Autumn Hill Books’ new website and new titles

Our hosting platform was out of date and non-secure (didn’t have the “s” by the “http” in the URL), so we needed to remake it. The site just went live yesterday, and we’re still working out the bugs, but please have a look at the new features and the new books in the past couple… Continue reading Autumn Hill Books’ new website and new titles

Translating Gender Pronouns

This is a tough topic, mostly because languages are currently in a great deal of flux as they figure out how to deal with the preferences of individuals with regard to expressions of gender and gender identity. The issue is complicated by the myriad different ways that languages mark gender. In some, all nouns have… Continue reading Translating Gender Pronouns

How Translators Teach Translations

Michael Henry Heim used to tell a story of how he had once introduced a bit of translation into his large survey class on Soviet Civilization in the early 1990s, commenting in passing on how a well-known book had been translated differently by two different translators. I believe it might have been Solzhenitsyn’s One Day… Continue reading How Translators Teach Translations

People Reading Kin

I’ve been very happy to see several positive reviews of Kin in the past few days since its official release. Sarah McEachern’s piece in the LA Review of Books, “Entangled in Family: On Miljenko Jergović’s Kin and Semezdin Mehmedinović’s My Heart,” takes the title and the book’s biggest thematic thread as its main focus, with… Continue reading People Reading Kin

Kin’s Arrival, blogging, and podcasting

My copy of Kin came in the mail a few days ago, all 911 pages of it. It made the mailbox sag a bit. I didn’t have time to think much about it at the time, but since then I have scrolled back through the blog that I kept while translating the book beginning in… Continue reading Kin’s Arrival, blogging, and podcasting

Kin in The Harvard Review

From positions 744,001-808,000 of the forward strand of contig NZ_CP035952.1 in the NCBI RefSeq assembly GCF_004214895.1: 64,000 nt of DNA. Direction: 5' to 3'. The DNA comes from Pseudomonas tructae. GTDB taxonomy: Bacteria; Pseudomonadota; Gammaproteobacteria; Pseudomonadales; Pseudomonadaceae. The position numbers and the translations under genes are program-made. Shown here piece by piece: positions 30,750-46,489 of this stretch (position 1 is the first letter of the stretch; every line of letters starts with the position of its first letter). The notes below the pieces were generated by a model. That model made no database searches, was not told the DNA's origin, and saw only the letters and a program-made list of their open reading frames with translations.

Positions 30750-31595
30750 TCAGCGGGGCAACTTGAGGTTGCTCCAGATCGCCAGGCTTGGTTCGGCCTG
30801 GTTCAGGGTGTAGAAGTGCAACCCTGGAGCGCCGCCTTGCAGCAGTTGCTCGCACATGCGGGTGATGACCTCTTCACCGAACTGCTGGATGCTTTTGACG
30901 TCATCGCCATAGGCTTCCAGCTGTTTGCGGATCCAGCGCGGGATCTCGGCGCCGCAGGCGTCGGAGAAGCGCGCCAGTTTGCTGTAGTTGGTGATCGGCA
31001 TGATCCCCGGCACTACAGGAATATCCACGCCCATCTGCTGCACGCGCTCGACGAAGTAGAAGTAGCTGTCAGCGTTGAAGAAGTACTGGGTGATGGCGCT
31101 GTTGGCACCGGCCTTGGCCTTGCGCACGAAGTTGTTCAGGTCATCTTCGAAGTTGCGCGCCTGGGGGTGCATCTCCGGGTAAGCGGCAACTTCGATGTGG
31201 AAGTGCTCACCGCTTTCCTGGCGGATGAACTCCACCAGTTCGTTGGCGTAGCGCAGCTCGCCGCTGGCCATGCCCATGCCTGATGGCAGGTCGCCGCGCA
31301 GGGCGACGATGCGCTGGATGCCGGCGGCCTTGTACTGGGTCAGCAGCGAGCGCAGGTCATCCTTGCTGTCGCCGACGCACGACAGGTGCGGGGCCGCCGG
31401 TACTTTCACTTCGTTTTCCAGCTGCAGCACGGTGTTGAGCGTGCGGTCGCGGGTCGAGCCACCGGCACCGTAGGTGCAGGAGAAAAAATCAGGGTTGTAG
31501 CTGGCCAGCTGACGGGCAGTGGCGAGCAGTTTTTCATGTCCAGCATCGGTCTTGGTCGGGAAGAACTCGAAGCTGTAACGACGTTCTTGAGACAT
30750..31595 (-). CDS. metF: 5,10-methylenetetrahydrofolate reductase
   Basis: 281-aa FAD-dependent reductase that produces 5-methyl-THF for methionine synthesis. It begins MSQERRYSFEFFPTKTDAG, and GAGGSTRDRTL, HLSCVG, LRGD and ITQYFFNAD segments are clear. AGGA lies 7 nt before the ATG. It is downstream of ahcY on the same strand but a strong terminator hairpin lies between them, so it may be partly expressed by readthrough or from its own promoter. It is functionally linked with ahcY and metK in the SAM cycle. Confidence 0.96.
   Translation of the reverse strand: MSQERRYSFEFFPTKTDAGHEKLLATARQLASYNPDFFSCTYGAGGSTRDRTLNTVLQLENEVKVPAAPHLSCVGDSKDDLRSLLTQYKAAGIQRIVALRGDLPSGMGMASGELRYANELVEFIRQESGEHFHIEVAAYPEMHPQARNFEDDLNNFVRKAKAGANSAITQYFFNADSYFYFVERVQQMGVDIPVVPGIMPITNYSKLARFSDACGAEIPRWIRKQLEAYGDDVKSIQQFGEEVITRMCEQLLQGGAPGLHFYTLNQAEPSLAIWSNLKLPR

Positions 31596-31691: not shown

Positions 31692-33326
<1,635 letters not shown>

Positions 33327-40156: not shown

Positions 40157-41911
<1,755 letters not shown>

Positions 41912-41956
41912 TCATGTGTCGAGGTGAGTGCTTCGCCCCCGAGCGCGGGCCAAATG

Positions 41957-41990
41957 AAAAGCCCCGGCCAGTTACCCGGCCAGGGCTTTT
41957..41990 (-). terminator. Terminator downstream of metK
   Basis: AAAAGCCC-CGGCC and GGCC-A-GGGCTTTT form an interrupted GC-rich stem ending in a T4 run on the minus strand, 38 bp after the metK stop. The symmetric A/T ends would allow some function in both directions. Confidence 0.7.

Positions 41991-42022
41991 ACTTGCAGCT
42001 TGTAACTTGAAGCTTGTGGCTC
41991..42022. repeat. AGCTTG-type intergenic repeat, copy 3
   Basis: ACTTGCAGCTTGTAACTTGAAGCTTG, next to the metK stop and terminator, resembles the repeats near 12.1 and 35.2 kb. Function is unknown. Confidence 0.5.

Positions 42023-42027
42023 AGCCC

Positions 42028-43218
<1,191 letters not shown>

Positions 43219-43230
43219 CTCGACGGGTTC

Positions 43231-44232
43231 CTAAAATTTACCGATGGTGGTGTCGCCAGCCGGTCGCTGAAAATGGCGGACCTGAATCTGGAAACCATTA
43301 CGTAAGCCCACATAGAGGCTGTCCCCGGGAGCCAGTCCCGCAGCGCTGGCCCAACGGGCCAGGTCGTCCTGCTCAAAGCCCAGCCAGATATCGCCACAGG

This month was earlier slated to be when Archipelago Books released Miljenko Jergović’s Kin in my translation, but that got pushed to the middle of next month. Instead, a short piece, “In Springtime When we Air Out the Graves,” has appeared in this month’s Harvard Review (No. 57), alongside work by Rita Dove, Gregory O’Brien,… Continue reading Kin in The Harvard Review

Translating Amanda Gorman

Non-translators might not have paid much attention to the recent controversy over the projected translation of U.S. National Youth Poet Laureate Amanda Gorman’s first book of poetry into Dutch, but many of us who translate have been following and discussing it quite a bit. The basic story is that the contracted publisher (Meulenhoff) hired author… Continue reading Translating Amanda Gorman

Workshop Meets Gogol

The fifth of the seven chapters in George Saunders’ A Swim in a Pond in the Rain (which, I will repeat here for those who have not been following, I am enjoying immensely and learning a lot from) features Nikolai Gogol’s “The Nose.” This was a risky move on Saunders’ part because the basically rational… Continue reading Workshop Meets Gogol

Teaching Tolstoy’s Master and Man

In the three decades or so that I have been teaching works by Tolstoy, I don’t remember ever teaching the one known in English as “Master and Man.” This could be because it didn’t speak to me when I first read it or because I have consistently felt there were other, more effective works that… Continue reading Teaching Tolstoy’s Master and Man